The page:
According to study, researchers determine that probiotics are effective for preventing Clostridium difficile infection (CDI) in patients treated with antibiotics. Probiotics are considerably more effective in settings where the risk for Clostridium difficile infection is moderate to high. The study was published in Infection Control.

Current clinical practice guidelines on CDI prevention focus on core strategies (e.g., staff education, patient isolation, antimicrobial stewardship and utilization of disinfectants), but none recommend probiotics for prophylaxis. Researchers conducted a meta-analysis using data from 6,851 individual participants in 18 trials to determine whether adding probiotics to an antibiotic regimen reduces the incidence of CDI among children and adults when adjusting for a variety of factors.

The incidence of CDI was 1.1% in the intervention groups and 2.5% in the control groups of the 18 studies. Probiotic prophylaxis reduced the odds of CDI by 63% in unadjusted analyses (P<0.0001). The reduction was slightly greater, 65%, in the 13 studies included in the analysis that adjusted for other factors.

The use of two or more antibiotics increased the odds of CDI 2.20-fold, whereas age, sex, hospitalization status and high-risk antibiotic exposure did not. Multispecies probiotics significantly reduced the odds of CDI, whereas there was a nonsignificant reduction with single-species probiotics. Probiotic doses below 1 billion colony forming units per day did not reduce substantially CDI risk.

"Moderate-certainty evidence suggests that probiotic prophylaxis is a useful and safe Clostridium difficile infection prevention strategy," Dr. Johnston said. "Based on a recent systematic review we conducted on prophylactic strategies for Clostridium difficile, probiotics offer the highest certainty of evidence among the existing strategies that are typically considered during Clostridium difficile outbreaks."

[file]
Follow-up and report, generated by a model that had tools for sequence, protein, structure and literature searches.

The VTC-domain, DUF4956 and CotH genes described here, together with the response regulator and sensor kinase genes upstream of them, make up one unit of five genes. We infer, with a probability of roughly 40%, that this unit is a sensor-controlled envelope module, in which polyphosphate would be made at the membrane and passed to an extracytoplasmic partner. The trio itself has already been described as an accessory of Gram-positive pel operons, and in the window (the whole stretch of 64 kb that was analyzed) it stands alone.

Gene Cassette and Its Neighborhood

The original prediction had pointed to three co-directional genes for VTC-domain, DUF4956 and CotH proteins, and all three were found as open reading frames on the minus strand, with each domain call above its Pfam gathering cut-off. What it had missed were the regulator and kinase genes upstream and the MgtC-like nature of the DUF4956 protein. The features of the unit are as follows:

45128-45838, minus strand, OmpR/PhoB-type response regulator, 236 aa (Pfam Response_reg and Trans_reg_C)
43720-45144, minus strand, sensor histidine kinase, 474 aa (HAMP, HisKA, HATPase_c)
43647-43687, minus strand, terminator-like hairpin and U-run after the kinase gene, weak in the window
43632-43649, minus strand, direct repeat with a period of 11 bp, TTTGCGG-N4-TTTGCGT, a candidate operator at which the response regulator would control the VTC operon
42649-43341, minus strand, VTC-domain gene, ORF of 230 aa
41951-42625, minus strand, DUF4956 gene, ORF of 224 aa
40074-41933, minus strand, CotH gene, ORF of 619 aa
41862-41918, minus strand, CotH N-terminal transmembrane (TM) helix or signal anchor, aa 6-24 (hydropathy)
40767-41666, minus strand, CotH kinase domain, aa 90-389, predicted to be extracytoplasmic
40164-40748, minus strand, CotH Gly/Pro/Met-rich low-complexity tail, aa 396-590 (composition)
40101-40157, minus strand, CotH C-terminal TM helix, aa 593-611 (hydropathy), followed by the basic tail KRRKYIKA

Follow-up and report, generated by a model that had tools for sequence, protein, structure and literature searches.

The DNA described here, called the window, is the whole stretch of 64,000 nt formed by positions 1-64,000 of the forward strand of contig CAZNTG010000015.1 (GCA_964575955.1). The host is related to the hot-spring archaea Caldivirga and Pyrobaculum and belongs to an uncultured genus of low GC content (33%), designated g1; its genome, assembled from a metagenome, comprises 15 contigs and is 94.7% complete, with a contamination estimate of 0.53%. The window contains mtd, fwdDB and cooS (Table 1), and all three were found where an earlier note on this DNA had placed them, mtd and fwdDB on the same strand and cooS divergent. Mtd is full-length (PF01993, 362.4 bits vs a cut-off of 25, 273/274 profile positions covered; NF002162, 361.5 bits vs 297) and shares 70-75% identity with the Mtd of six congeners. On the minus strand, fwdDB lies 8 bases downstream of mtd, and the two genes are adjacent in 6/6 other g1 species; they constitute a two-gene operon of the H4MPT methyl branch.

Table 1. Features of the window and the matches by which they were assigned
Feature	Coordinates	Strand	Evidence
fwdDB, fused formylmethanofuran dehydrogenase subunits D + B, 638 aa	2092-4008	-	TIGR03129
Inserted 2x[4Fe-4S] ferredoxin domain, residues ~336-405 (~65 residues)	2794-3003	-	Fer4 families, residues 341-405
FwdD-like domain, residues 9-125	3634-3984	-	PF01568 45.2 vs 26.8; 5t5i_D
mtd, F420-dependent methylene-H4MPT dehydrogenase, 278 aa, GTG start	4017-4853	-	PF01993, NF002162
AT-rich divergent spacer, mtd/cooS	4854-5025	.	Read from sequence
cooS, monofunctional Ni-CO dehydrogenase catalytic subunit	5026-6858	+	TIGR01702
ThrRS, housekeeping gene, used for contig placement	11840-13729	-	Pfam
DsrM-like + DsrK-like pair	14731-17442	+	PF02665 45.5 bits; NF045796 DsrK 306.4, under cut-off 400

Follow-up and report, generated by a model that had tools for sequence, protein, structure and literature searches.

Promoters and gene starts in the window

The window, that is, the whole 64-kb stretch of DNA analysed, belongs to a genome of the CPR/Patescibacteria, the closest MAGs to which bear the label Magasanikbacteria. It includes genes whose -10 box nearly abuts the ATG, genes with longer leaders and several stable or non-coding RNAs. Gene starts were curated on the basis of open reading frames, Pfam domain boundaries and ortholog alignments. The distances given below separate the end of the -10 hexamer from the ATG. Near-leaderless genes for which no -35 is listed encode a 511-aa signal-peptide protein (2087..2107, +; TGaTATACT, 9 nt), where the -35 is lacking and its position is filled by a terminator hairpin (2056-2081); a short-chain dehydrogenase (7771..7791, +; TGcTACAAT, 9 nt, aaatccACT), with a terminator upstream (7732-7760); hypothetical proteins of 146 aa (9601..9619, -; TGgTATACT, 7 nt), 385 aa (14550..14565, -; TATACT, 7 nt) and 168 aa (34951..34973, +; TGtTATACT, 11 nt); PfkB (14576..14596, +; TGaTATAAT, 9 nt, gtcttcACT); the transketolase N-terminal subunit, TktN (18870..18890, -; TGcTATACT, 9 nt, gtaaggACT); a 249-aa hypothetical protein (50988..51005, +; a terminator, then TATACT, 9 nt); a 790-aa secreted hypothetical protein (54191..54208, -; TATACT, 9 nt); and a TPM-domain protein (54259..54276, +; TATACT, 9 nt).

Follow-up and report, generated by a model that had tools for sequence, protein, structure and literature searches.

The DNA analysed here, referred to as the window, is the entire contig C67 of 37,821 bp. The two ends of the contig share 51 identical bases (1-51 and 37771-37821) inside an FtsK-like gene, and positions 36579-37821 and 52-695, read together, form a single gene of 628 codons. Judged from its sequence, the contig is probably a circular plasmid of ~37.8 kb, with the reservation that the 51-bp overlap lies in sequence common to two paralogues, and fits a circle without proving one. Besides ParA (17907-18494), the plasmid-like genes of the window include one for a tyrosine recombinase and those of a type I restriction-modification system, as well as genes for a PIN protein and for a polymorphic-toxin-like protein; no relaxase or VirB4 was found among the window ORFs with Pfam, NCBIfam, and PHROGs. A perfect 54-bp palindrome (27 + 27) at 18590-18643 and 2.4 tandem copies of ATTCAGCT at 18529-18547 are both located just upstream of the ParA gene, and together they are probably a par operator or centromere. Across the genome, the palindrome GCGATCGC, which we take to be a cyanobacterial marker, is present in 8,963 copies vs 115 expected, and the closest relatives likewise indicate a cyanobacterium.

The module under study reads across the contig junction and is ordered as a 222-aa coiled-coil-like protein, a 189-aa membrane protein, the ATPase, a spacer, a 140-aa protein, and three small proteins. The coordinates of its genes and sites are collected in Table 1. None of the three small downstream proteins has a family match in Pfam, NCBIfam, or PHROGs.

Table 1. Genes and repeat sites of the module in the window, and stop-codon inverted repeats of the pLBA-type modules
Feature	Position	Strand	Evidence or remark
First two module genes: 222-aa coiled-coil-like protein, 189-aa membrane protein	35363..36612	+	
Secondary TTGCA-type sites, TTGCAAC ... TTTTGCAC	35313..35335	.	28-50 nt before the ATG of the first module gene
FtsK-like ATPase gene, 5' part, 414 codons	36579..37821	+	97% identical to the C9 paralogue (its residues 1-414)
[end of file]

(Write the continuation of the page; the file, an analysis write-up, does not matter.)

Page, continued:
In related work, published simultaneously in the same journal, Dr. William E. Trick from Cook County Health and Hospitals System in Chicago and colleagues examined the effectiveness of their quality-improvement intervention of probiotics for primary prevention of CDI at a 694-bed teaching hospital. "The delayed effect is consistent with the prior literature and may have been related to poor fidelity to the protocol for probiotic administration and a delayed gradual reduction in environmental contamination," the researchers note.

Just because a product lists itself as a 'probiotic' does not mean it is useful for the specific purpose you want to use it for. The efficacy of probiotics is both strain-specific and disease-specific. Not every probiotic is created equal.

In a case-control study of 68 matched pairs of patients, however, there was no protective effect from probiotics. Many patients are at risk for complications due to exposure to antibiotics, and these should only be given when necessary," Dr. Trick said. Probiotics are one such option, but will not be completely effective without hand washing and good environmental cleaning-especially in rooms that previously housed a patient with C. difficile infection.

"Probiotics fill in a niche that standard infection-control practices don't cover," said Dr. McFarland. "They help the normally protective intestinal microflora recover and have ways to fight the pathogen while this recovery of microflora occurs. It takes 6-8 weeks for this recovery to be complete!"